I wait for the day where students ask, “What have you learned?” and not “What did you get?
We don’t go on as we are. We address the problems of tomorrow not with today’s tools but with the tools of tomorrow. This is what we call progress.
On Friday, I got a chance to sit down with a group of teachers and administrators who have their eyes on the future. We are all in the development of the Futures Forum Project, which is a pilot project that we are bringing to the WRDSB.
There are many things at play at these discussions. A few of my reflections:
1. Any time the idea of technology in the classroom is bandied about, I feel that the razzle dazzle of the technology sometimes overwhelms. This happens in two ways; either we think we are being innovative when we are really doing the same thing we’ve always done but put a new flashier cover on it; or when we worry about teaching the tech skill over the real life skill. These problems came up many times throughout the discussion. How then can we take this opportunity to create the “classroom of the future” (although in the future their shouldn’t be a classroom)?
2. I think this is an opportunity to tear down the walls. Totally. Too many times we were reminded about the politics at play. We need to be successful (whatever that means?) so we can scale it. We need to ensure we can maintain status quo in every other grade, so we can’t go too outside the box (despite agreeing that the box is limiting opportunities to learn). We choose education over learning (structures like periods, bells, attendance, etc is not being considered as an element to the classroom of the future).
3. It is great to be in a room where teachers are actively looking to get better. All involved, regardless of how far they are ready to push, each person in the room wants to get better and see students learn better. Love to be part of that group.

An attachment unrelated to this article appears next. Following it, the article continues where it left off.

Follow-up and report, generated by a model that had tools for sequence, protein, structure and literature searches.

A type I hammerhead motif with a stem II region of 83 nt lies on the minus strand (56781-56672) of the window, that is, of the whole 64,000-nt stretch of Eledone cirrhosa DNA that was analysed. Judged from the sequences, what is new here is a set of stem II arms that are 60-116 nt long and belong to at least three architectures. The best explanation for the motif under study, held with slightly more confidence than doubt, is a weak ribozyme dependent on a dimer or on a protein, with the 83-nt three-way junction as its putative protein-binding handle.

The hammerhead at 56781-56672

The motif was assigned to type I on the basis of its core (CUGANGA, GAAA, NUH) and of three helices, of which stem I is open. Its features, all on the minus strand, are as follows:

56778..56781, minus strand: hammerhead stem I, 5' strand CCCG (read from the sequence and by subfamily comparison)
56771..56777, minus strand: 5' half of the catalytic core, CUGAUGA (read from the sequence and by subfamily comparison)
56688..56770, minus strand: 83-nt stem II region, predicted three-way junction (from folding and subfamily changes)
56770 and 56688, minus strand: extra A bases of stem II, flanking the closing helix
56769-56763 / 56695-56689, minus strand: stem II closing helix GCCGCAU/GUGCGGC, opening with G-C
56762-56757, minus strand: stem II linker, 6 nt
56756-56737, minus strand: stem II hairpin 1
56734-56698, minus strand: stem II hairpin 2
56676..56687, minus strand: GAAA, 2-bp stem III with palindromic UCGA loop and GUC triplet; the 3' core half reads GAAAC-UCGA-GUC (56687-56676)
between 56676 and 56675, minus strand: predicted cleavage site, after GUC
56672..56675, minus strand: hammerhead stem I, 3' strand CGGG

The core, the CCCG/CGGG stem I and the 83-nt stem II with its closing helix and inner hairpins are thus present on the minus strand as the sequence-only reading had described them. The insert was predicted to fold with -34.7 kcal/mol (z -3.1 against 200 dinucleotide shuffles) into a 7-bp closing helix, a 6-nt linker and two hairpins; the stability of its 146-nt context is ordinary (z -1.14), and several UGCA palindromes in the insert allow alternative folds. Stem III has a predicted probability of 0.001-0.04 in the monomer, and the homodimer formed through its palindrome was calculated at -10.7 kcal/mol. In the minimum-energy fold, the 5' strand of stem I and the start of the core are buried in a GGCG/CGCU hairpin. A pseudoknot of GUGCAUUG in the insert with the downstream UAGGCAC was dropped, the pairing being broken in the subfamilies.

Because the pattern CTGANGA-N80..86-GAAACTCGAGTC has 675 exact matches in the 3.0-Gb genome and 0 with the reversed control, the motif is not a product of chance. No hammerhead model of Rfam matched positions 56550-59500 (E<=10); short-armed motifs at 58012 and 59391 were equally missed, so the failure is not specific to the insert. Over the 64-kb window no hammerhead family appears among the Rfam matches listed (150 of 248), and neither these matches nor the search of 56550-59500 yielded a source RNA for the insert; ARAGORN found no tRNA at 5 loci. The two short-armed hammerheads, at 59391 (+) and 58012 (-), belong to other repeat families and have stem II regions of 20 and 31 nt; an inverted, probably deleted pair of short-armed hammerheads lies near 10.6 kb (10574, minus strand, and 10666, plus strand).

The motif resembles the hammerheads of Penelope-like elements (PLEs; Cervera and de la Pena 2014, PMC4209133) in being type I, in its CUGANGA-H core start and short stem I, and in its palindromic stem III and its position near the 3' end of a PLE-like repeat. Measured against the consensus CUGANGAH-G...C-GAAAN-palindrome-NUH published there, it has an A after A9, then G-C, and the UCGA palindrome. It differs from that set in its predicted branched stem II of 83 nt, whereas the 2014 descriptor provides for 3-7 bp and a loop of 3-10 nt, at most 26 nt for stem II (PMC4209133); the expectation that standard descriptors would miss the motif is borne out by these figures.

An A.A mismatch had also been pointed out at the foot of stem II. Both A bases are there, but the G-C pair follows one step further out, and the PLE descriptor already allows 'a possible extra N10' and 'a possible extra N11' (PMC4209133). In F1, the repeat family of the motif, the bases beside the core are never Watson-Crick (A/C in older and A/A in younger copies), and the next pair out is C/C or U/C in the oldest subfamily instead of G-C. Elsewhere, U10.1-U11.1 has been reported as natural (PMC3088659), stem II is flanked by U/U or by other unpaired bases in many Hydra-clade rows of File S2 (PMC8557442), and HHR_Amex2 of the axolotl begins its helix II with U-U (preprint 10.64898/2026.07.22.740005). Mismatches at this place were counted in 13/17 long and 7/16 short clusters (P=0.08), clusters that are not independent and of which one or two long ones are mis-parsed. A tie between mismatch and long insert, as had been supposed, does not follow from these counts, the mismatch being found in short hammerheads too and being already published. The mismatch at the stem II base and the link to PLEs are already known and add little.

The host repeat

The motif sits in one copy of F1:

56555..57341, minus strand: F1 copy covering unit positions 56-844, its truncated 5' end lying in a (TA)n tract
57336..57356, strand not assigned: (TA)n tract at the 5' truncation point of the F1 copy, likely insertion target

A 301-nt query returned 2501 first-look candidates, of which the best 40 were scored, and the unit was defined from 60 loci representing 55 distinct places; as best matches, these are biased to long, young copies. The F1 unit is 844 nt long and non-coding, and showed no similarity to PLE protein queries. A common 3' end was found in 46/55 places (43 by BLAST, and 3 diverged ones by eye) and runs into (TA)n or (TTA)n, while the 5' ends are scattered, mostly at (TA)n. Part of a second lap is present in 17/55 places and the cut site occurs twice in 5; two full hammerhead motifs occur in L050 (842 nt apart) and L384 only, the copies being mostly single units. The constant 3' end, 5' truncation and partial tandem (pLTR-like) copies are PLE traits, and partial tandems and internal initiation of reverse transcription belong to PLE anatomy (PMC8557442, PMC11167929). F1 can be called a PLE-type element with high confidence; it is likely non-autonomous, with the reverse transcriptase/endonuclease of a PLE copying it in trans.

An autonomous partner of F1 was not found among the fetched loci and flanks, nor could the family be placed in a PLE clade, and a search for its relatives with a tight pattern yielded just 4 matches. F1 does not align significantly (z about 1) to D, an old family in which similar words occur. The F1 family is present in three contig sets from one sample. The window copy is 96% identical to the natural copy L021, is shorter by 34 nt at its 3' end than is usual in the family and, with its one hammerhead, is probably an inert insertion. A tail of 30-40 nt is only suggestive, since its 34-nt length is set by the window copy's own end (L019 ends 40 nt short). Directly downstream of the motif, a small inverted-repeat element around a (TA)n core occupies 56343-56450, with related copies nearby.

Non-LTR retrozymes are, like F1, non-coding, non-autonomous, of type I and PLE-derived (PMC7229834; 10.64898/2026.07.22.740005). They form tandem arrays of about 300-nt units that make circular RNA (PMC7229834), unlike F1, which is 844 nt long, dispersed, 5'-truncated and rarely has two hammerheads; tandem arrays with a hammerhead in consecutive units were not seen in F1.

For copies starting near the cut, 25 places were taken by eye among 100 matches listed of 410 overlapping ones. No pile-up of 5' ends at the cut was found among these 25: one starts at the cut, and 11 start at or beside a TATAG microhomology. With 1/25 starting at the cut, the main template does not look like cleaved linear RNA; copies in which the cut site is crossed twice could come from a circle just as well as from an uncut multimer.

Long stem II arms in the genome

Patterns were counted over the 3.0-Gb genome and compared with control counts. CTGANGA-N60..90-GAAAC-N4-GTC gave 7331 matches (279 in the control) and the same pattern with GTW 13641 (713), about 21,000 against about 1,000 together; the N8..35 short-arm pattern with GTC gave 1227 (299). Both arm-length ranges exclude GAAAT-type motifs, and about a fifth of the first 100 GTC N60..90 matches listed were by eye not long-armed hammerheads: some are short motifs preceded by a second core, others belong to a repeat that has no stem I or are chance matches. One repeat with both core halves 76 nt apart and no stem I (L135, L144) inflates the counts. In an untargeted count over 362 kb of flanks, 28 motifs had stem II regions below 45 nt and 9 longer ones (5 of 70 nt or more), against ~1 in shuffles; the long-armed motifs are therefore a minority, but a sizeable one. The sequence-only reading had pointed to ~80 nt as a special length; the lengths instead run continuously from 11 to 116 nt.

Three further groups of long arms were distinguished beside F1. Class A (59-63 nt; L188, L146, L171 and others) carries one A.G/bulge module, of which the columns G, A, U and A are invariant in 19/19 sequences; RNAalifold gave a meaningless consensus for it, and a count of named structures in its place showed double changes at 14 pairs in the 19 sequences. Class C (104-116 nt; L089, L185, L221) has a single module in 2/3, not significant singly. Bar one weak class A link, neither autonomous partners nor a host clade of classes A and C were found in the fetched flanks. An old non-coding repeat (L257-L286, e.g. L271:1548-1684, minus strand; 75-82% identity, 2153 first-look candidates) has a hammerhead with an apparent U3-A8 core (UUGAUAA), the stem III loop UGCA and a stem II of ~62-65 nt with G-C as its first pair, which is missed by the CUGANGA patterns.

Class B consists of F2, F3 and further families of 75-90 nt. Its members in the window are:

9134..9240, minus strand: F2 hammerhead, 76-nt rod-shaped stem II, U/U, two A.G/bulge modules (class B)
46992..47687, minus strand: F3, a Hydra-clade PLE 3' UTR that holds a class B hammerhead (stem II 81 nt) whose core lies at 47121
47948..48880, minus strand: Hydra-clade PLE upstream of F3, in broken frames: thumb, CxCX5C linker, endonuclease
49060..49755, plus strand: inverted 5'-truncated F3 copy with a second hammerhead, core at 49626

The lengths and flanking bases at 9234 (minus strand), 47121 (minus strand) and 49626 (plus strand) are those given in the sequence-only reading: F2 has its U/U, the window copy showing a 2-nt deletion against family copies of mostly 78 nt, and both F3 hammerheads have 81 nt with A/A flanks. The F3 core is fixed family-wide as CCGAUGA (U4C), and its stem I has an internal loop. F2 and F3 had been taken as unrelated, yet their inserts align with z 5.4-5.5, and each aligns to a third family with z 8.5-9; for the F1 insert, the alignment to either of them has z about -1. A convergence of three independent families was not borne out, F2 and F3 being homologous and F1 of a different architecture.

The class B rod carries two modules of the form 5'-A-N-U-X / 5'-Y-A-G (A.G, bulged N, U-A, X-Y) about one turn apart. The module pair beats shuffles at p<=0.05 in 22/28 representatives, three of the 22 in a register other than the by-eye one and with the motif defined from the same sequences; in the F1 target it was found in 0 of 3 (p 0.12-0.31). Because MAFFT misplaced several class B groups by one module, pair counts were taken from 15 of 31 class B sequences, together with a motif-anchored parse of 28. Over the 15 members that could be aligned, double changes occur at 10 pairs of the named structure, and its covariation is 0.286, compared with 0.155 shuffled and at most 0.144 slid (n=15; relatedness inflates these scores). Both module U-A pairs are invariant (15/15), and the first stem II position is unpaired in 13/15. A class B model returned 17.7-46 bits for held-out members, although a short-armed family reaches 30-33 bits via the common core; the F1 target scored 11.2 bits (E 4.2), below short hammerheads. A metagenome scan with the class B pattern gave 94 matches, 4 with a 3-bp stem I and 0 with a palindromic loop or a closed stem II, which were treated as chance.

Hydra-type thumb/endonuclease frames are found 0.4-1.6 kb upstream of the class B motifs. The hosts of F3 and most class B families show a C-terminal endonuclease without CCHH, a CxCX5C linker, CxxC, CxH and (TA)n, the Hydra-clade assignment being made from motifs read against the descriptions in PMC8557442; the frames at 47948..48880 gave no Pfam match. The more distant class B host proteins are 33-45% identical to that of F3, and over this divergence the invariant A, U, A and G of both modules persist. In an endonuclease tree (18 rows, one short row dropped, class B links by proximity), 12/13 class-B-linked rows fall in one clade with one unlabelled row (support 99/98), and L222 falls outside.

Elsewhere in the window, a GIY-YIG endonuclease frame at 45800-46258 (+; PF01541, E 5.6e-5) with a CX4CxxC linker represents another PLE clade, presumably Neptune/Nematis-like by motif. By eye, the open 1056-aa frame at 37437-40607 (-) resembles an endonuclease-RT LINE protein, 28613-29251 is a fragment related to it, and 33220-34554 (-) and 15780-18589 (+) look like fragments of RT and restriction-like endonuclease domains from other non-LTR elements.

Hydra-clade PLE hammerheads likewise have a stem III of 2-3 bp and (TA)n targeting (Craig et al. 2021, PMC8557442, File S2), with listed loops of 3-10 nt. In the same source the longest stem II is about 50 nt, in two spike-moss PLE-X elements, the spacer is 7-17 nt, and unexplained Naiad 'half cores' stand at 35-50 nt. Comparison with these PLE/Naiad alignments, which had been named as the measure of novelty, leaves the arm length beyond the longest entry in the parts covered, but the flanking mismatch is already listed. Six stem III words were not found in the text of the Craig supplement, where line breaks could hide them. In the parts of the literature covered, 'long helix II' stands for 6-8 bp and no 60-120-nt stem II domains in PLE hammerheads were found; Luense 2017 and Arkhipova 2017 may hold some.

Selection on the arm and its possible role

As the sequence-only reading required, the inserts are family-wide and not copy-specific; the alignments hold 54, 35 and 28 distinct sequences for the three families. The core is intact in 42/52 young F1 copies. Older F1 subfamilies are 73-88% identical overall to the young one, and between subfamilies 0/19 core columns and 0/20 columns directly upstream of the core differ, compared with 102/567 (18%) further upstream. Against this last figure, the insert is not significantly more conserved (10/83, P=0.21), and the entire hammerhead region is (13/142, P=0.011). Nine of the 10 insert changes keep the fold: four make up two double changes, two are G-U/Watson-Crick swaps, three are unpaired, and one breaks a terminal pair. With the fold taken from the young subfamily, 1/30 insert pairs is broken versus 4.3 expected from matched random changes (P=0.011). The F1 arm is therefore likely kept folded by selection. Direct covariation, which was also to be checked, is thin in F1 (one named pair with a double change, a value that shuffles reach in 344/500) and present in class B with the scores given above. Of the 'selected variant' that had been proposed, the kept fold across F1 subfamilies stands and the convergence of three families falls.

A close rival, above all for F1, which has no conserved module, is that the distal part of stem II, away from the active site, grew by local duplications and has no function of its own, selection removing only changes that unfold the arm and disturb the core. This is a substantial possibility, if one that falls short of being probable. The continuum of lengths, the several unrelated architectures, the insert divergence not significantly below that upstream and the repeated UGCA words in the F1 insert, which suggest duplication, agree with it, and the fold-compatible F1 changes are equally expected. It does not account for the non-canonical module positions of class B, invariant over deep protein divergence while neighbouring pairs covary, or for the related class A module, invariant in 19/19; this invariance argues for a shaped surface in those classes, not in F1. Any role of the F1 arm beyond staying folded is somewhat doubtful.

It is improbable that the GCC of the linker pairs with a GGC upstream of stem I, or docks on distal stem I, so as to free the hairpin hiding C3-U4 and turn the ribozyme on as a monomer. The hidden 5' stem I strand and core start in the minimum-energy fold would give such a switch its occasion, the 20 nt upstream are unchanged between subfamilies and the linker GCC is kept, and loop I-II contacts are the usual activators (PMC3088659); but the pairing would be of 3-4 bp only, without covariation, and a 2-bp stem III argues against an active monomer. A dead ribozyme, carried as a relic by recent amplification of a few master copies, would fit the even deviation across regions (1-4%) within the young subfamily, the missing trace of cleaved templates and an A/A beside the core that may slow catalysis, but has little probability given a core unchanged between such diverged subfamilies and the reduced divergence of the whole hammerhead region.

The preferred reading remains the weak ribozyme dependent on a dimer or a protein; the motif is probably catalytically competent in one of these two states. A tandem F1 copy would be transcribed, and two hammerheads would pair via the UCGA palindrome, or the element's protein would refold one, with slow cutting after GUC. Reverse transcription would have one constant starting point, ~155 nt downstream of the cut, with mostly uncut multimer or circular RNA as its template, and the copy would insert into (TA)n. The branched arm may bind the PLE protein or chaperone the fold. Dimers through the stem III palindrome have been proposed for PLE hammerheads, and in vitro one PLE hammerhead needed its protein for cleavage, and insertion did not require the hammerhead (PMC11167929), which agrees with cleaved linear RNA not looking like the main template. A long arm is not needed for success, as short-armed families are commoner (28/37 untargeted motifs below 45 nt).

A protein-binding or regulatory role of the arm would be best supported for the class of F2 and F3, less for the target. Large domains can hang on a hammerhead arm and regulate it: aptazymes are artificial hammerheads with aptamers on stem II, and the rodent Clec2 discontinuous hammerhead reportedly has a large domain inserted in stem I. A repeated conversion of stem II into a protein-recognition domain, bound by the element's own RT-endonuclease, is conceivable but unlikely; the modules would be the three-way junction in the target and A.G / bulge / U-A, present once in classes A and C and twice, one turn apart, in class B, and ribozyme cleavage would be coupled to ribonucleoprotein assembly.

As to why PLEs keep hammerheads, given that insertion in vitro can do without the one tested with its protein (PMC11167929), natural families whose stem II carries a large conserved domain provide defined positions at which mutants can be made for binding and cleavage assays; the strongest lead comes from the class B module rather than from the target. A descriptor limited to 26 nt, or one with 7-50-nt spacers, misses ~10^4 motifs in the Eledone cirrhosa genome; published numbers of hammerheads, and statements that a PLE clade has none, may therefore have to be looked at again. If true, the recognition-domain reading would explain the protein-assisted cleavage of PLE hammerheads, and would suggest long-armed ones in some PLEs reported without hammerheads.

4. The idea of power came up often. Who has the power in the classroom? Who should have it? Who should decide what we do? How we do it? What does a functioning, effective classroom look like? Are teachers really ready to give up power in the class?
5. I am ready to fail. I posted before that I am afraid this will be successful and I will be seen as a puppet. I don’t think that is my fear anymore. On Friday while listening I heard many people express their ideas of success and fear of failing. While reading, The Talent Code, I recognize that I am ready to fail. I’m even ready to fail BIG. That’s sometimes what it takes and I’m ready to have my name associated with a major failure, especially if that brings us closer to a real answer.
6. I got more paper handouts at this session then I’ve used in all my classes so far this year. I’ve e-mailed everyone involved to see if we can change this, but for a project leaning towards the future with everyone technologically savvy how is this not a priority and the first thought?
7. Product is emphasized over process. Because we are so caught up in the idea of evaluation and marks, we plan the product students are to produce without planning, explicitly, the process of teaching. This is going to require much thought as to how this will be achieved.
The project is now well on its way and the time is clicking by, ever so quickly. I am excited, energized and processing loads of ideas after this meeting. Here’s hoping we keep pushing the boundaries and make something truly revolutionary happen.
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